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ERIC Number: EJ711869
Record Type: Journal
Publication Date: 2005-Apr-1
Pages: 4
Abstractor: ERIC
Reference Count: N/A
ISSN: ISSN-0036-6463
Tomb Group of Nesmutaatneru
Sponpinato, Nancy; King, Judith
School Arts: The Art Education Magazine for Teachers, v104 n8 p31 Apr 2005
Egyptian artifacts and treasures mesmerize nearly all museum visitors. A careful look at ancient Egyptian art can tell us a great about Egyptian culture and artistry. The ancient Egyptians believed that in the afterlife, the spirit (or ka) of the deceased returned to the body. It was important for the body to be preserved to ensure that the ka had a safe home for eternity. The ancient Egyptians used a complex mummification process. Internal organs were removed, preserved, and stored in canopic jars outside of the mummy case. The body was dehydrated with natron salts and wrapped in yards of linen. This process, which took about three months, was accompanied by many elaborate rituals invoking the aid of gods to ensure a safe passage to the afterlife. Nesmutaatneru, buried about 700-675 Be, was the wife of a high-ranking Theban priest. Her family's status is reflected in the craftsmanship of her burial goods. All three of her coffins are described in detail in this article, as well as the mummy itself.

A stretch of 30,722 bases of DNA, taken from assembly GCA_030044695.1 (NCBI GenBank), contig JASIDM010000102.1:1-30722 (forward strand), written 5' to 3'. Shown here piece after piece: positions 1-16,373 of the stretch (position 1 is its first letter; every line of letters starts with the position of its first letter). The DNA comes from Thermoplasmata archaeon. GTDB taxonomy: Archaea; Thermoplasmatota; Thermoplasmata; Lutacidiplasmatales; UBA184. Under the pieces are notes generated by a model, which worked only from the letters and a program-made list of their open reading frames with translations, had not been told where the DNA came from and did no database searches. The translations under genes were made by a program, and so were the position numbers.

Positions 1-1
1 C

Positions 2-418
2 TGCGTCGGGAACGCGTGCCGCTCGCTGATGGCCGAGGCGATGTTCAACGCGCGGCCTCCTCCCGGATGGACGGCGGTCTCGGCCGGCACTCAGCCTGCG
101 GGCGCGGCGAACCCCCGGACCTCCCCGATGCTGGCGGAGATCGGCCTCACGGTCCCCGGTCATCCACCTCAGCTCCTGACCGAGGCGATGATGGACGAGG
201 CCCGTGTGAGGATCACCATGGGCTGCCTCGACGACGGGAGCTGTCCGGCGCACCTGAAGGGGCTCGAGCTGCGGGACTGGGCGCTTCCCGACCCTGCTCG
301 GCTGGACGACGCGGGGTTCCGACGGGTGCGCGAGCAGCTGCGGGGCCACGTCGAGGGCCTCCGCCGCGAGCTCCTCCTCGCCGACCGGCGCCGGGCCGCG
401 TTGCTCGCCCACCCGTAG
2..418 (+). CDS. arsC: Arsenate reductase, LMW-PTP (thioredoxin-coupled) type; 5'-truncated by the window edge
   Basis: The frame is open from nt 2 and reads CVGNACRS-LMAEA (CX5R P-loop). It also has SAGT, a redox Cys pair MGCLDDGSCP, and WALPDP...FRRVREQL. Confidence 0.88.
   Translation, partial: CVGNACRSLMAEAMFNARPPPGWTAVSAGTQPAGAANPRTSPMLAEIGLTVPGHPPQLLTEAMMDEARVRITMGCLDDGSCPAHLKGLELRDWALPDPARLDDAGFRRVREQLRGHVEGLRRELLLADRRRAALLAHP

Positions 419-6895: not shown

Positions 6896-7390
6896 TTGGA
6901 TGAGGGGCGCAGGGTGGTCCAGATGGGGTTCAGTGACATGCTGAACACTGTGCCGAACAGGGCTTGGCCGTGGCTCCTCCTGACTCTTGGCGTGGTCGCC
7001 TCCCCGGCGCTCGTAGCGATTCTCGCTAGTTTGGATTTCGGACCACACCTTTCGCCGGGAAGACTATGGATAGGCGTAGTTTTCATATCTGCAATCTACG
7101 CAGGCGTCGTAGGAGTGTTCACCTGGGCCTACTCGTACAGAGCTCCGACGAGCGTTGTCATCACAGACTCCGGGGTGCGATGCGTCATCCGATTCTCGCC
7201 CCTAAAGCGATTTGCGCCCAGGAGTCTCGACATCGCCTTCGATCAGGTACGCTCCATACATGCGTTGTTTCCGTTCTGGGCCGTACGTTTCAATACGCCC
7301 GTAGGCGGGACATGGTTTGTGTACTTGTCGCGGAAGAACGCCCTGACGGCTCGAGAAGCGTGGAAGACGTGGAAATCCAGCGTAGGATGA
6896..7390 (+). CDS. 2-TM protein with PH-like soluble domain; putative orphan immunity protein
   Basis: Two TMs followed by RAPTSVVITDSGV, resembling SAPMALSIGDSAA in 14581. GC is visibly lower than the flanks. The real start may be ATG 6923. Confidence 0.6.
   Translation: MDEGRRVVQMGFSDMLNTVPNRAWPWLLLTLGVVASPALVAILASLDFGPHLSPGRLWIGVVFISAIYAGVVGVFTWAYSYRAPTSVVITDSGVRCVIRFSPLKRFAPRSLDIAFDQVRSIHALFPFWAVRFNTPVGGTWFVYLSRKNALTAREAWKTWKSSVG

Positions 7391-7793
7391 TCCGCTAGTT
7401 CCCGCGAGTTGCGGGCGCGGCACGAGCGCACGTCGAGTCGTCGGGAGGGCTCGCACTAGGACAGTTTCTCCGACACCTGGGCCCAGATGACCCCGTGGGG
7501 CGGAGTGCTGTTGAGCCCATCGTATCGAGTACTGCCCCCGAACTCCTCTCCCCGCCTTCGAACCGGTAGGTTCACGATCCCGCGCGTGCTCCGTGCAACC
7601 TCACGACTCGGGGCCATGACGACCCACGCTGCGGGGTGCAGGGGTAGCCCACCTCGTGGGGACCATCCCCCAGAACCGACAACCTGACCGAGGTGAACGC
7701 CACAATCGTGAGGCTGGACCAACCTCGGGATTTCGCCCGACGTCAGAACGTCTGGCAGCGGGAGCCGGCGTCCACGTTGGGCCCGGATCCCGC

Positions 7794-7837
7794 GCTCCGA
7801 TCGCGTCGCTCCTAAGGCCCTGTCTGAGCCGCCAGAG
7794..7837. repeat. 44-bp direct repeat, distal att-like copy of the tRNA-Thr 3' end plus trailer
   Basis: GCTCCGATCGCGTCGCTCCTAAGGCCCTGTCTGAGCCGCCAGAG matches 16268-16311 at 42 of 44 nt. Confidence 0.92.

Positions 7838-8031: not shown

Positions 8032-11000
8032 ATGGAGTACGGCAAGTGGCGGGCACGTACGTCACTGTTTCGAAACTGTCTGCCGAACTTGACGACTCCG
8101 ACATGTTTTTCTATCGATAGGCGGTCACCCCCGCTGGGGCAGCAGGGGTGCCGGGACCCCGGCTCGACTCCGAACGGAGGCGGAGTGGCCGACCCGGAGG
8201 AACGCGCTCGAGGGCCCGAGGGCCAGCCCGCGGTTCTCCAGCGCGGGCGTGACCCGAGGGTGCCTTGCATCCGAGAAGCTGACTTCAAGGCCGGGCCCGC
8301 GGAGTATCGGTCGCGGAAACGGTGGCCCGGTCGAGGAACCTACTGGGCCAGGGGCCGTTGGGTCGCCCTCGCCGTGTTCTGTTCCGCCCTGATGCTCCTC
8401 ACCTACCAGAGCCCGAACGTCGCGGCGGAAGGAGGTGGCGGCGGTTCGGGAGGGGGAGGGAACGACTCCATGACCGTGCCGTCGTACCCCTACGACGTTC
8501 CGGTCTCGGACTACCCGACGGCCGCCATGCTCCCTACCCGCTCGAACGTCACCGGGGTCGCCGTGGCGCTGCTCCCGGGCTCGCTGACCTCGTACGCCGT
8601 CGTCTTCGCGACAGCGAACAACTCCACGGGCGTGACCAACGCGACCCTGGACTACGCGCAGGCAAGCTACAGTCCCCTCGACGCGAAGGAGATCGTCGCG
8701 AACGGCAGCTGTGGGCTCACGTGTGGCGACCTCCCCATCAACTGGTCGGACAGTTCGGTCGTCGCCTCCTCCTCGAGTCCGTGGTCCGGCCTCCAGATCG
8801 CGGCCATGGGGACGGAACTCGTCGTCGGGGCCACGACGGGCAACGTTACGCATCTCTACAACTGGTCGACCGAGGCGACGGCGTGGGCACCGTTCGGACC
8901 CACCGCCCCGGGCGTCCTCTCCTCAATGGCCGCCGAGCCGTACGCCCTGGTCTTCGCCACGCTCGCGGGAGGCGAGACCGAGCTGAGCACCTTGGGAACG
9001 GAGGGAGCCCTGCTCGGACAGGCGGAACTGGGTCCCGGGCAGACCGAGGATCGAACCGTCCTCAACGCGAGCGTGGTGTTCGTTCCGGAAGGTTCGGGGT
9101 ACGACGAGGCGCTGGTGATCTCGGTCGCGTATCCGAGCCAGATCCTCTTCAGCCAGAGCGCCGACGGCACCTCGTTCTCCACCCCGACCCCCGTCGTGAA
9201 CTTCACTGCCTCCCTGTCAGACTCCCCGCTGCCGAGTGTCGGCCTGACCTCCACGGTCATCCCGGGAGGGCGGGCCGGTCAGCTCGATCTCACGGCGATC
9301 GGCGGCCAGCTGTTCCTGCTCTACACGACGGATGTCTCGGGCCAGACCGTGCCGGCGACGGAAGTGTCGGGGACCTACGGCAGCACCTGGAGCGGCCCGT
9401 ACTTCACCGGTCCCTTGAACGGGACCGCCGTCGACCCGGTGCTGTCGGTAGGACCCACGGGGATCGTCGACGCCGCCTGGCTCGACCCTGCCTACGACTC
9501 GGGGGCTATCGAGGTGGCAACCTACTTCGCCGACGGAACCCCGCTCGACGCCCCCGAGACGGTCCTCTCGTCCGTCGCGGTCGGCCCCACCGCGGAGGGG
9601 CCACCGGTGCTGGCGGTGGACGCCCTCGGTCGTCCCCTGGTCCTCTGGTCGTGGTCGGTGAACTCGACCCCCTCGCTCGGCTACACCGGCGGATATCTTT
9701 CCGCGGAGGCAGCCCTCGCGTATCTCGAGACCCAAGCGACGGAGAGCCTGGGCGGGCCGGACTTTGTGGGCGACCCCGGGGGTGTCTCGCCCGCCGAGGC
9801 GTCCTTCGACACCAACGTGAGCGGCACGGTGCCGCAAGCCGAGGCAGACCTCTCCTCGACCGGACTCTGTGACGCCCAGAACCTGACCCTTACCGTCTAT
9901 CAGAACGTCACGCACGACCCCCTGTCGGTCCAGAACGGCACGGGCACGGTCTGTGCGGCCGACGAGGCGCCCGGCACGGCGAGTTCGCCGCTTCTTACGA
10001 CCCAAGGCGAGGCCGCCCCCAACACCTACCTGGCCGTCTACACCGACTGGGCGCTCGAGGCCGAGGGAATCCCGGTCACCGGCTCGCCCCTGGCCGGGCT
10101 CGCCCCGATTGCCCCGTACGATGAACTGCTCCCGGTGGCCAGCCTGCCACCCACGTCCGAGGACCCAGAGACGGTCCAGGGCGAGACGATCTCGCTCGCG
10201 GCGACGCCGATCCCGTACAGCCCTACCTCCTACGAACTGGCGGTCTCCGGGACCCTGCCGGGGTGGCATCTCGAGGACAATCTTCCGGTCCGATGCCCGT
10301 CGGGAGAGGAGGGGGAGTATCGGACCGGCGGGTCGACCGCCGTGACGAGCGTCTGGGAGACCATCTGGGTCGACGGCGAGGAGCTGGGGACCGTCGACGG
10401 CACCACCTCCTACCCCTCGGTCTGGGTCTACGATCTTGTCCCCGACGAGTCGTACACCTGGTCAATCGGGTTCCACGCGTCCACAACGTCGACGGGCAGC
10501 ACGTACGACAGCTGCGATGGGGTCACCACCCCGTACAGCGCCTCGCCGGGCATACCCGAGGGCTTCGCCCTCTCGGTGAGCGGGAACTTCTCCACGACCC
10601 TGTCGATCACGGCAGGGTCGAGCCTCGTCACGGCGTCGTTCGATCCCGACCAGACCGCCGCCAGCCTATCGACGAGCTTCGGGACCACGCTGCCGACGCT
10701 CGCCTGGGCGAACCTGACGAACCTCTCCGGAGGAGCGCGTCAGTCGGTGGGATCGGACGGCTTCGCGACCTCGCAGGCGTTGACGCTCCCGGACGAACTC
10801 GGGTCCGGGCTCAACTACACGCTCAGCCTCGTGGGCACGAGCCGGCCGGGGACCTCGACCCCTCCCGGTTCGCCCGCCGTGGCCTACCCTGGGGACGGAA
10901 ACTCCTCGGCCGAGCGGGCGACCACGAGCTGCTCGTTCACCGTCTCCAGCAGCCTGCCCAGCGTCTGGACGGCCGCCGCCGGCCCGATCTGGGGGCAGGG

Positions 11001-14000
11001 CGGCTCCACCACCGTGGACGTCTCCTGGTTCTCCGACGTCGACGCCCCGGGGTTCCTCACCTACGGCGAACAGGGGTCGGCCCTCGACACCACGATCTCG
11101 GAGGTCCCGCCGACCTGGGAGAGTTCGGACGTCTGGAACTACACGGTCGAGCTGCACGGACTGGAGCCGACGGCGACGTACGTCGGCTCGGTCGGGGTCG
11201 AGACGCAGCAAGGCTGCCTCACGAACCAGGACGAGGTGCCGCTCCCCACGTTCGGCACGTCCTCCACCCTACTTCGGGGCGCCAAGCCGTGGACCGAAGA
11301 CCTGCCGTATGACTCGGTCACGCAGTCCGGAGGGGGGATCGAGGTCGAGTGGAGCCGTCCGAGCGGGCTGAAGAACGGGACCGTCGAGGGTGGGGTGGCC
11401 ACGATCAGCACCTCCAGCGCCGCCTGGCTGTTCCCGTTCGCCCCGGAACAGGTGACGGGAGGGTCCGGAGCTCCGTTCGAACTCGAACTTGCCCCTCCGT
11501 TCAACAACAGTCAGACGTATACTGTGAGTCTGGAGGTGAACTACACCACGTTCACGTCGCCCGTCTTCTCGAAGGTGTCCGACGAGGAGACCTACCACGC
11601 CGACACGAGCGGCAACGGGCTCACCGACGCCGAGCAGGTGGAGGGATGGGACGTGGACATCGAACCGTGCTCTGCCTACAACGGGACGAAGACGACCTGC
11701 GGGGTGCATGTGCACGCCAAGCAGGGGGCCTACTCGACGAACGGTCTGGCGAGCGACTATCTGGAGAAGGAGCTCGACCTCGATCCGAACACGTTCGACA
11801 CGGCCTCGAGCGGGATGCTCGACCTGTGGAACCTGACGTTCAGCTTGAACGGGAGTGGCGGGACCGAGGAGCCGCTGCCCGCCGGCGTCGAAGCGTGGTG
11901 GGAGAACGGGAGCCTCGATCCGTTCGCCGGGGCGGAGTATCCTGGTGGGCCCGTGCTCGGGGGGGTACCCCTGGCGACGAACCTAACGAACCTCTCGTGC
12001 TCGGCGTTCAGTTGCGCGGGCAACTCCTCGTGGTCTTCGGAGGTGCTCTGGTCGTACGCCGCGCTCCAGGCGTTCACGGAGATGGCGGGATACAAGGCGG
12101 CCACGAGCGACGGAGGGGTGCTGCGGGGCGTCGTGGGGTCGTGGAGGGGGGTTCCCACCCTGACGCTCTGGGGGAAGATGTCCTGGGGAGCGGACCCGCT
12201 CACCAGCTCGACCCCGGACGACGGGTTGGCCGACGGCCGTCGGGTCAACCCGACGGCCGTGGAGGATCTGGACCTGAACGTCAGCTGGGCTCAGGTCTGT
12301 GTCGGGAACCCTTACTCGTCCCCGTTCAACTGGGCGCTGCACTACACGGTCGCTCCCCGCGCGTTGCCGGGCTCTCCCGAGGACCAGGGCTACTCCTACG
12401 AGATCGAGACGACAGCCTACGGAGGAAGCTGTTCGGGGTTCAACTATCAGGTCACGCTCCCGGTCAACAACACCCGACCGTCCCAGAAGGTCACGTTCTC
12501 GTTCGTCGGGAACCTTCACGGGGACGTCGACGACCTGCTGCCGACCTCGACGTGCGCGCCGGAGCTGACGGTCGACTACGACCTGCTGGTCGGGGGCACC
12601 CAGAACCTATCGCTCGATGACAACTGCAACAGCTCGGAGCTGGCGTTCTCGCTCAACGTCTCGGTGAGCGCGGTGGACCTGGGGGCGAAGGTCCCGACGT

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Publication Type: Journal Articles; Reports - Descriptive
Education Level: N/A
Audience: N/A
Language: English
Sponsor: N/A
Authoring Institution: N/A
Identifiers - Location: Egypt